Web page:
Non-communicable diseases in flood-affected India

Improving primary healthcare for patients with non-communicable diseases during severe flooding in India

Three men pushing a wheeled cart through knee-high floods in India.

India, grappling with the second-highest rates of diabetes and heart disease globally, faces exacerbated challenges during flood emergencies. Patients with chronic conditions often find their access to essential medicines disrupted, leading to worsening health conditions, hospitalizations, and even fatalities.

Funded by the National Institute for Health and Care Research (NIHR), a global health research team led by Dr. Semira Manaseki-Holland of Institute of Applied Health Research (IAHR) at the University of Birmingham, and Dr. Jeemon from Sree Chitra Tirunal Institute for Medical Sciences and Technology, Trivandrum together with researchers from other prestigious public health institutions like:

  • Homi Bhabha Cancer Hospital and Research Center, Muzaffarpur
  • Mahavir Cancer Sansthan, Patna
  • Doctors For You-India
  • climate experts from University of Birmingham's School of Geography, Earth and Environmental Sciences
  • and Indian Institute of Technology (IIT), Roorkee

Together with a team of public health experts from prestigious Indian institutions, are developing innovative and integrated healthcare solutions to ensure access to healthcare amidst flood in rural India. The team are working in close collaboration with the Indian state governments of Bihar and Kerala. The work is overseen by an independent advisory steering group consisting of Indian and global experts in health, disaster, climate, and related research methods.

To improve the preparedness and resilience of patients and health systems during flood emergencies in India, this project addresses gaps in healthcare services for long-term conditions such as diabetes, heart, and lung diseases (non-communicable diseases (NCDs). By involving communities, healthcare providers, and stakeholders, the team aims to develop and test a practical, community-focused intervention to strengthen the health system. The initiative includes adapting existing processes, making effective use of digital health solutions, exploring innovative medicine delivery methods, and advancing flood forecasting. The project will be tested in flood-prone areas in Bihar and Kerala with planned adaptability assessments.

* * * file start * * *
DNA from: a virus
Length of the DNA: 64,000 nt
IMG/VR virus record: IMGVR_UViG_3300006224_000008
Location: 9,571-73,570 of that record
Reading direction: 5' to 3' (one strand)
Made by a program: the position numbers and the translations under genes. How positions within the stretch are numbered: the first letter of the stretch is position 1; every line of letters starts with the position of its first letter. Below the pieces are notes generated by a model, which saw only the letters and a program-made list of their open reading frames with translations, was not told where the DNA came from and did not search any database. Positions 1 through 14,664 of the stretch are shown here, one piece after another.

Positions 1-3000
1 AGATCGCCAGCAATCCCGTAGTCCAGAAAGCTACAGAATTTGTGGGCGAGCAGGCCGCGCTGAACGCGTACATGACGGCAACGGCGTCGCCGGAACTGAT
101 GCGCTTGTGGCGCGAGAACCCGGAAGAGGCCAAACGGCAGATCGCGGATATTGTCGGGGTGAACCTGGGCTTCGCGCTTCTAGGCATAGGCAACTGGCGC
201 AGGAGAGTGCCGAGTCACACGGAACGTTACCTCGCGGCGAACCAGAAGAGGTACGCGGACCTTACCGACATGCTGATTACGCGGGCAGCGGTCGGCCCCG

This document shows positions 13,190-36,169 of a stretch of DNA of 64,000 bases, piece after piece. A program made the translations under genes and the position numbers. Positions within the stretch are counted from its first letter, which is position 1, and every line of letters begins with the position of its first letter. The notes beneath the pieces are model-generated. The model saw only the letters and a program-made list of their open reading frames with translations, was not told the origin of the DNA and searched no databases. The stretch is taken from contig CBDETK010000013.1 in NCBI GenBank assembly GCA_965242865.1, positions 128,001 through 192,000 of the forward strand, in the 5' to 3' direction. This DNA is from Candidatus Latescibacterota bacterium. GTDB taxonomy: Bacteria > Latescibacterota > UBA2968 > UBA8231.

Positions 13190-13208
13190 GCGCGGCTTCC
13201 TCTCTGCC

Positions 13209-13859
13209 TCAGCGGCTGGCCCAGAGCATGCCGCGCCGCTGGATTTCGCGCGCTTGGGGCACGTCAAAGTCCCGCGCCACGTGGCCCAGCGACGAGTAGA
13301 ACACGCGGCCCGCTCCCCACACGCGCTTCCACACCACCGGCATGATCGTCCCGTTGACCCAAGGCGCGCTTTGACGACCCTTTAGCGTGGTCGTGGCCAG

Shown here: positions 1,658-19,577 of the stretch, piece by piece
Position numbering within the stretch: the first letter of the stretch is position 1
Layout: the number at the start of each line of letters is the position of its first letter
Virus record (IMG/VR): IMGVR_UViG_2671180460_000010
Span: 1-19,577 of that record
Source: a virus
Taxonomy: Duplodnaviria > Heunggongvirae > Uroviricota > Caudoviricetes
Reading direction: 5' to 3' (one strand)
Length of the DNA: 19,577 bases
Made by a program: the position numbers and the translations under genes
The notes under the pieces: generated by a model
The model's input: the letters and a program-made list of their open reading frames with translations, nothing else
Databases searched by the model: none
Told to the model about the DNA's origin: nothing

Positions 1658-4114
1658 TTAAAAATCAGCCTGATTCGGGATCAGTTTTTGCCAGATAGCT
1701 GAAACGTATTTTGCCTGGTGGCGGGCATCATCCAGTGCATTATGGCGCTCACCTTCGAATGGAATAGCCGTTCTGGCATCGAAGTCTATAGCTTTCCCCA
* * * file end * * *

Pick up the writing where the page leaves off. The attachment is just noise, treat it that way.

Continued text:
In this project we are trying to address the critical gaps in healthcare services exposed during seasonal flooding in India in regards to NCDs such as diabetes, hypertension, and chronic lung conditions. The aims of the project are:

Foster Collaboration with Communities and Health Workers

Doctors and nurses placing their hands on top of each other as a show of support

The team will:

  • Develop guidelines and planning protocols and provide training to the health worker to ensure health centres can prepare for continuation of NCDs related care provision during floods, more systematically. This will enable healthcare professionals to make critical decisions during flood events.
  • Promote culturally enhanced behaviour change and community empowerment to raise awareness and improve preparedness and response to floods among patients.

Ensure Access to Medicine and Diagnostics During Floods           

Access to Medicine new

The team will:

  •  Explore novel methods for delivering essential medicines, such as insulin, to flood-affected communities, and create flood-proof kits. This includes establishing links to existing primary care facilities during periods of flood-induced isolation.

Use Advanced Flood Forecasting

Advanced Flood Forecasting

The team will:

  • Collaborate with hydrologists and climate specialists to develop advanced flood forecasting models tailored to the needs of the healthcare system. This will provide an opportunity to test an integrated timely response model based on climate and healthcare data, contributing to a resilient health system in resource-poor settings.


Methods of Research

To achieve the aims the team will adopt a range of research methods including:

  • Conducting mixed-methods situation analysis.
  • Co-developing interventions through Theory of Change Workshops with communities and stakeholders.
  • Implementing and evaluating the complex-intervention model.

Cross-cutting Objectives

The research will prioritize:

  •  Stakeholder engagement.
  • Capacity building.
  • Comprehensive dissemination.
  • Equitable partnership.
Dr Semira Manaseki-Holland (third from the left) with doctors and researchers participating in the study on non-communicable diseases in flood-affected areas of India.
A flooded road in India with a man in a cycle rickshaw and three people on one motorbike are riding through